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Nov 25, 2008

Skanska to Cut 3,400 Nordic Jobs

Sweden’s biggest builder, will cut about 3,400 jobs in Nordic countries as a slump in the European housing market spreads to commercial and civil building.

Orders in the region will probably decline about 15 percent next year, Stockholm-based Skanska said today in a statement. The cuts amount to 17 percent of employees in Scandinavia and 5.7 percent of the total.

The company, which gets just 4 percent of its construction orders from housing, has followed homebuilders and building materials companies down as a credit crunch chilled property markets. Last year Skanska got more than 40 percent of its revenue in Scandinavia, where it also maintains back-office departments whose costs have outpaced revenue growth.

“Skanska is doing this restructuring later in the cycle than other construction companies, and it will see an upturn later as well,” Andrew Gardner, a London-based analyst at MF Global Securities Ltd., said in an interview.

Skanska closed up 1.2 percent at 61.75 kronor after dropping by 9.8 percent in Stockholm trading earlier in the day.

About 2,000 workers in Sweden, 800 in Norway and 600 in Finland will lose their jobs, the company said. Skanska said it will take a 600 million-kronor ($75 million) charge in the fourth quarter because of the program.

“Once projects finish, it’s unlikely Skanska will renew contracts with all their temporary workers,” Gardner said. “We also expect to see some more writedowns.”

More Cuts Possible

Skanska said this month it would cut jobs in response to falling orders. Its latest forecast for orders comes even as the Swedish government plans to increase infrastructure spending next year. Skanska today predicted a “significantly” smaller volume decline in markets outside the Nordic region.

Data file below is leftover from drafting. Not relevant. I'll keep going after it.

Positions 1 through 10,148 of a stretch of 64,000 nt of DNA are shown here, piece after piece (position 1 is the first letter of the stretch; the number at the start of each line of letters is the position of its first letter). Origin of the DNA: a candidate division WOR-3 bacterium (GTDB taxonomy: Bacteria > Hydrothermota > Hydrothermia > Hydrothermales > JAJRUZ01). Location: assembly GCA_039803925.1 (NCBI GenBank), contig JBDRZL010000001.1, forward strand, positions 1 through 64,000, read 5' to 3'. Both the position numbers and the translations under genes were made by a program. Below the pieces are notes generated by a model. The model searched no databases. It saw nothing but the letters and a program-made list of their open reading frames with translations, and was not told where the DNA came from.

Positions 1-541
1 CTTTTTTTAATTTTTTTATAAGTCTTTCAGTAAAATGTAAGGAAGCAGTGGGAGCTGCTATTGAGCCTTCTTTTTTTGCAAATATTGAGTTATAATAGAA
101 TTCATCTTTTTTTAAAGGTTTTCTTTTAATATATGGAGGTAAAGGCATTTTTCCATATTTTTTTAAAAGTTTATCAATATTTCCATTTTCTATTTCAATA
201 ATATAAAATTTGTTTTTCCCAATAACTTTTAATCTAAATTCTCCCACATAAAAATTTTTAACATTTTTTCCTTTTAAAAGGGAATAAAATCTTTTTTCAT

“It’s mainly the residential building that has decreased dramatically, and we also see a continuing slowdown on other building,” Chief Executive Officer Johan Karlstroem said in an interview. “Depending on how the markets will go, I won’t exclude that we will have to take a new round of cuts.”

Most of the job cuts will take place in the first half of next year, spokeswoman Karin Lepasoon said. About half the cuts in Sweden will affect white-collar positions, Skanska said.

Public-Private Projects

As building markets slump, Skanska has tried to widen margins by investing in public-private development projects where it jointly owns or maintains public facilities such as hospitals and highways. Its projects include highways in Finland and Norway, hospitals in the U.K., and power plants in Brazil.

“Public spending is by and large still there, but anything that’s a public-private project has a question mark because of the private funding component,” Gardner said. MF has a “trading sell” recommendation on Skanska.

The company has written down 120 million kronor this year on construction projects and 570 million kronor on U.K. public- private partnerships where costs rose on fixed-price contracts.

Skanska joins other global builders and construction- materials suppliers in retreating as demand deteriorates. Wolseley Plc, the world’s No. 1 plumbing-gear supplier, said Nov. 18 it will cut 380 jobs in the Nordic region. YIT Oyj, Finland’s biggest builder, replaced its CEO and is in talks to cut 350 jobs as its stock of unsold apartments grows in Finland and the Baltics. NCC AB, Skanska’s next biggest rival in Sweden, plans to make additional job cuts in 2009, beyond the 1,700 targeted for this year, as housing markets slump in the Nordic countries and Germany. Swedish homebuilder JM AB has also given notice to 600 employees since June.


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